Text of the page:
The big fix

He’s an entrepreneur without an income. She works for the feds. Should we buy a house in Toronto, the clutchy newlyweds asked me a few months ago. And I said, as you’d expect, wait a year or two.

On the weekend the email came. “We bought a house because we got a great deal – reduced from $654,000 to just $588,000,” he said, adding that his wife was now pregnant, “and that changes things.” But the real justification was this: “We know house prices may fall a bit, but there’s no way the government is going to let there be a crash. We’ll just ride this out.”

People do things for many reasons. Hormones is a good one. Of course having a kid who won’t actually walk outdoors for two years is not much of an excuse to shop for a backyard now. And buying a house because it’s 10% off when it may be 25% less in the spring of ’12 is flimsy. But, whatever. I can only counsel. I can’t protect.

However when it comes to the belief Ottawa will step in stop a giant sucking of real estate equity, we have a good reminder how dangerous it is that everyone gets to vote.

Yesterday Barack Obama unveiled a $50 billion infrastructure program to throw up more railroad bridges and highway abutments, in the wake of news the country’s jobless rate jumped. As you know, the USA is mired in debt and has a $1.3 trillion deficit this year, largely due to stimulus programs with dubious results. It’s a dangerous situation, now made worse.

I mention this because if there’s one country in the world that has pulled out every possible economic, fiscal and monetary card to rescue housing, it is our neighbour. Since Obama came to power homebuyers were given $8,000 just for completing a purchase. Billions have been spent on loan modification programs to cut mortgage rates. Schemes have been launched to prevent foreclosures, to supplement the unemployed so they won’t lose their houses and pay banks not to seize properties. Interest rates have been dropped to zero for the first time ever, and billions spent propping up financial institutions. Fannie and Freddie were nationalized, and now almost 90% of all mortgages in American are insured by Washington.

In addition, of course, Americans can deduct mortgage interest from their taxable incomes. They can write off property taxes. And they can get mortgages for a little over 4% – a rate guaranteed not to increase for 30 long years. In addition, the average US house costs $180,000, half of that in Canada, and prices are about 20% lower across the nation (50% in some areas) than they used to be.

All this has cost trillions. And the result?

Sales in the latest period crashed 26% from 2009 levels. Pending home sales have cascaded lower. Over 50% of all sellers reduced their asking price in the last month. A quarter of all homeowners are in negative equity. Over 4 million families have stopped making mortgage payments. The average home now takes one full year to sell, and three price cuts. There are several million foreclosed and seized homes not even on the market yet. Sales of new homes are at the lowest level in recorded history.

This is not a failure of the most powerful government on earth. It’s a triumph of human emotion. Once public sentiment turns, once people perceive something as dangerous, the feeling’s unstoppable. When house prices fall without end, buyers wait for them to fall further. And no amount of public cash is gonna stop it.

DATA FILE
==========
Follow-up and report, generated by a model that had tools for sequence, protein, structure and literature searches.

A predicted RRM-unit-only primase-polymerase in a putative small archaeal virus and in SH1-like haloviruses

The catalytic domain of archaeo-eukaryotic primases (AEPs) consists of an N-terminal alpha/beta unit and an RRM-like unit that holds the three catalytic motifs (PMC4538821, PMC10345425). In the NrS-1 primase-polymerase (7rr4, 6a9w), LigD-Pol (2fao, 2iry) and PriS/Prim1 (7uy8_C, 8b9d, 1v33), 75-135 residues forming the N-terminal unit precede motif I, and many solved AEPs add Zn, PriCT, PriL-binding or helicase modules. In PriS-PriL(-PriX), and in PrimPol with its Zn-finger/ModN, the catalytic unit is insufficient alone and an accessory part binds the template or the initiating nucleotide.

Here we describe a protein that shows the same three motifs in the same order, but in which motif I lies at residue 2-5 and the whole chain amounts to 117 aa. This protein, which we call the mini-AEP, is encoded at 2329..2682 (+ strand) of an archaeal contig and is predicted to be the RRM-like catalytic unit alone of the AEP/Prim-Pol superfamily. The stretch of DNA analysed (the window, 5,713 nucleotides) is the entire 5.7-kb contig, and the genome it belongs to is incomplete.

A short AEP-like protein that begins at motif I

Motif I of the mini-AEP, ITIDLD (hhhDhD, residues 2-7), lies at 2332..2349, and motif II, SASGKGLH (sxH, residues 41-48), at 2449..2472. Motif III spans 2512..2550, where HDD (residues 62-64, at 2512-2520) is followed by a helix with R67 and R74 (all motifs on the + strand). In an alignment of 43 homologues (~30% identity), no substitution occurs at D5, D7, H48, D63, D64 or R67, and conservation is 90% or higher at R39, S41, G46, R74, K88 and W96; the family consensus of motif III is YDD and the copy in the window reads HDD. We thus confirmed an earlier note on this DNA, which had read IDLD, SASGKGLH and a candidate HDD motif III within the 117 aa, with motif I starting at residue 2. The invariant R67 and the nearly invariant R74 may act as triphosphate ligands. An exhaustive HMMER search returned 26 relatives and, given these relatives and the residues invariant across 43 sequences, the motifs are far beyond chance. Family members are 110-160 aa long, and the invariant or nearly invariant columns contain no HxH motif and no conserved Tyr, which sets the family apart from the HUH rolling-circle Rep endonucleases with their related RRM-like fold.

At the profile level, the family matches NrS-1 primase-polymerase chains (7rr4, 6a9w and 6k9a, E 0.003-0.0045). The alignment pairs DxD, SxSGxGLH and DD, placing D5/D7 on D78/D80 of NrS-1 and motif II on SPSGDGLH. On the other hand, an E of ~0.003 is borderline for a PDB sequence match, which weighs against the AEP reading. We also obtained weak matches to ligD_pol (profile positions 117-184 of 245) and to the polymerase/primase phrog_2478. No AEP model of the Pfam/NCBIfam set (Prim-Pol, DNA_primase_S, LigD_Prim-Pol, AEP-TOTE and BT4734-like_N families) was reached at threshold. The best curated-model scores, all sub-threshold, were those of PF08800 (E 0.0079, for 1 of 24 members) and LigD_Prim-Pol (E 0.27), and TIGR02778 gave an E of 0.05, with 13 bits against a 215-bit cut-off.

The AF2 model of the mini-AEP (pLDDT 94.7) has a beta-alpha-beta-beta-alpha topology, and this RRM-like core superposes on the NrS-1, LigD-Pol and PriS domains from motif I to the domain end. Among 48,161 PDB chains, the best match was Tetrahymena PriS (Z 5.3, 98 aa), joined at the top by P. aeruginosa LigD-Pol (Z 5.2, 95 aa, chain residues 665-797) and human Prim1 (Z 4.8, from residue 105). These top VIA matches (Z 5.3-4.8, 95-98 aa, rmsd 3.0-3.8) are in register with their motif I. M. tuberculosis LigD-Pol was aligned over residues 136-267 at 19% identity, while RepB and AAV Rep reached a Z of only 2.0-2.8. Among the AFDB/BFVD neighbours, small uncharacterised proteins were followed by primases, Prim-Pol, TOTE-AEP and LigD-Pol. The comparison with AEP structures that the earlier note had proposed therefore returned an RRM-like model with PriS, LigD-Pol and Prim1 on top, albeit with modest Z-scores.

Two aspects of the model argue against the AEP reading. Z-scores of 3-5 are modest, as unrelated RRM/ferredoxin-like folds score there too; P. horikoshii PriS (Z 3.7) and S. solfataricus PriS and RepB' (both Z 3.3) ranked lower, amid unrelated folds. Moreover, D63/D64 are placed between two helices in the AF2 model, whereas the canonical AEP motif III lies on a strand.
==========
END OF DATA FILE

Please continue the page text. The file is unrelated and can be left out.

So, I ask my house-lusting young Toronto couple, what is it that Ottawa will do to stop here what governments in Washington, London, Madrid, Paris, Athens and Reykjavik could not? Mortgage rates are still 2%. House interest will never be deductible. Already the tax system favours homeowners with tax-free capital gains. Downpayments are a scant 5%. You can use RRSP money to buy houses. Banks shell out to anybody since the feds back high-risk loans.

In short, the entire tilt of public policy in both countries has been towards home ownership – resulting in a stunning 70% or so of the population having one, with the overwhelming bulk of their net worth now in a single asset.

And maybe that’s exactly the problem. Maybe seven in ten people didn’t deserve to have houses in the first place. Couldn’t afford them. Should never scored mortgages. Were strung along, lured by house porn, cheap money and a bar that was far too low.

Why does anyone have a right to buy a $400,000 home when all they have is $20,000? Why should the government stand behind an idiot lender willing to finance a deal like that? Don’t pro-housing policies just drive prices higher and responsibility lower? So why should taxpayers move in and save a derelict homeowner’s ass when the inevitable happens?

You can see why the worst lies ahead.

And why I was a dismal politician.

Hear Garth speak on 'Houseageddon'

Vancouver – Thursday September 16th, Four Seasons downtown, 7 pm. To get on the list, go here.

North Vancouver – Friday September 17th, Holiday Inn, 6 pm
Private event, sorry.

Kamloops – Saturday September 18th, Kamloops Convention Centre, 2 pm

To reserve a seat, go here.

Kelowna – Sunday September 19th, Coast Capri Hotel, 2 pm
To reserve a seat, go here.

Saskatoon – Tuesday September 21st, TCU Place, 7 pm.
To reserve a seat, go here.